You’ve probably already heard or seen the video of the Baltimore police officer falsifying evidence.
If you haven’t, the story is at the Washington Post [wp].
Apparently, the cop forgot that a Taser ‘Axon’ body cam, when turned on, dumps its current video-buffer of activity. That’s right: it’s always on, it just has a switch that cops can use to hide what they’re doing – because police unions everywhere said they wouldn’t wear cameras, otherwise.
Elsewhere, I have complained about newspapers’ tendency to use minimizing language, “collateral damage”, “ethnic cleansing”, “enhanced interrogation” – when anyone with two functioning neurons knows that something much worse is going on. In the case of the “forgot my camera” video, this is not an “accident” it is “evidence.” Specifically, it is evidence of multiple police officers committing multiple federal crimes.
Not at all surprisingly, the blue goons have circled the wagons and are going to investigate, blah, blah, blah. But that’s all the preliminaries to sweeping the whole incident down the memory-hole: how much investigation and careful analysis would I expect if I were caught red-handed with a knife standing over a bloody corpse? I’d expect to be arrested and detained until I was charged, tried, and probably convicted, right? So, what we see in the video is not one cop possibly going back and “reconstructing evidence” – it’s one cop’s camera including two other cops watching them fabricate evidence. That’s one, two, three bad apples.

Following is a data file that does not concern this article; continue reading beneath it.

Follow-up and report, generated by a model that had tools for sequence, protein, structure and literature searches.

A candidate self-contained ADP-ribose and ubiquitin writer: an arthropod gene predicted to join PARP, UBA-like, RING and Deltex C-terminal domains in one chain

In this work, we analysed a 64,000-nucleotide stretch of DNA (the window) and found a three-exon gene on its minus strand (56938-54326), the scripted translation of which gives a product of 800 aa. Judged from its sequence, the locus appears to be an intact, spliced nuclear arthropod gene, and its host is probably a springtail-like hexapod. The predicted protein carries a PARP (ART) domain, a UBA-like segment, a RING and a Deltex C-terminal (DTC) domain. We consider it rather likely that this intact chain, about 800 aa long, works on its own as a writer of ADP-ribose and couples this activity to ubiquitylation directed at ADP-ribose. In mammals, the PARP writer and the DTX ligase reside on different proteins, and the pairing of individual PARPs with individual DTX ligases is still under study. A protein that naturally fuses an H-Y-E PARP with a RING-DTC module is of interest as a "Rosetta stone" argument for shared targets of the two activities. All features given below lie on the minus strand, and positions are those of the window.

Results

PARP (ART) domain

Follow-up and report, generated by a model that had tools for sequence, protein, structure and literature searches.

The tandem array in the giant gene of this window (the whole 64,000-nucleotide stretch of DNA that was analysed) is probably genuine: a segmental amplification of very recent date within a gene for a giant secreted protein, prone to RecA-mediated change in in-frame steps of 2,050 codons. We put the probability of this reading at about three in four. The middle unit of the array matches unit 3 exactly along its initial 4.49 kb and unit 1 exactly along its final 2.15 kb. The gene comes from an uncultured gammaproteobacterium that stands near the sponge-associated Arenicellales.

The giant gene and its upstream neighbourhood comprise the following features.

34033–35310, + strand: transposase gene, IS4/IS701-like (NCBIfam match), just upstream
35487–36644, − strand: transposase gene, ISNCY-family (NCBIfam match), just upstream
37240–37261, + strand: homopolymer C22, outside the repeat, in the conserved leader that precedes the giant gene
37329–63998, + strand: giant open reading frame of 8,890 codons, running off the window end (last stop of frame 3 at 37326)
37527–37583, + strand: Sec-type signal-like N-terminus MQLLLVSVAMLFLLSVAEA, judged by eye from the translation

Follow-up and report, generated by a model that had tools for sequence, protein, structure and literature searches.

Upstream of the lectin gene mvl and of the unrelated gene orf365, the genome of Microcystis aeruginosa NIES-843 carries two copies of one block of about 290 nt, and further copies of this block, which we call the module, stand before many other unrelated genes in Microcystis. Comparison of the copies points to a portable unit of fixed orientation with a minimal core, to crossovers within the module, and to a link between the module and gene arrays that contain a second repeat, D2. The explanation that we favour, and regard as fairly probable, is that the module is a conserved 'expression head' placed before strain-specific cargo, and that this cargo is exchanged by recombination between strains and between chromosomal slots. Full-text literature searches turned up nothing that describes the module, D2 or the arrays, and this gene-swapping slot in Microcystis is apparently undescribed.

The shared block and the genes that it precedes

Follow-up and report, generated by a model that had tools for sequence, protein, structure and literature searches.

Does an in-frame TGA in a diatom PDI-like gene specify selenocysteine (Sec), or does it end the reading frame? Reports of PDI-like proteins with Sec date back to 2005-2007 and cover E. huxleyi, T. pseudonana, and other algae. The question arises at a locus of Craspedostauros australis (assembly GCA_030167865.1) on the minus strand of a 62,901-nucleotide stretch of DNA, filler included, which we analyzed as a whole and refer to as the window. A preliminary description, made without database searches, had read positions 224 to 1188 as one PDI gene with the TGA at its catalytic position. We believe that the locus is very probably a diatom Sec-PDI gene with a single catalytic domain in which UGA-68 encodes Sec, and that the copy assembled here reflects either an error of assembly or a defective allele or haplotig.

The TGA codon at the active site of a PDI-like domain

There are questions, many questions, that should be asked, such as:
Officer Simonyan (in the green hoodie): we see your camera is on your chest. Was it conveniently off at the exact same time as the other cop’s? Why?
Officers 2 and 3: you see a fellow officer producing controlled substances from somewhere and putting them into the scene. Where did they come from? Was your partner holding a controlled substance prior to “finding” the drugs? Were you aware that your fellow officer is apparently in the habit of doing their job with a supply of drugs? Or, were they taken from someone earlier? If so, where is the video of that; that would have been evidence for their arrest. In case anyone has forgotten, carrying an illegal amount of illegal drugs is illegal – even if you’re a cop. The story the police are floating is that the drug had just been seized as part of a bust: OK, well then where’s the cop-cam video of the bust when the drugs were seized legally? If it was a solid bust, there’d be no need to fake evidence, and it’d be on camera. If it wasn’t a solid bust, then you don’t put a citizen in prison; it’s really simple.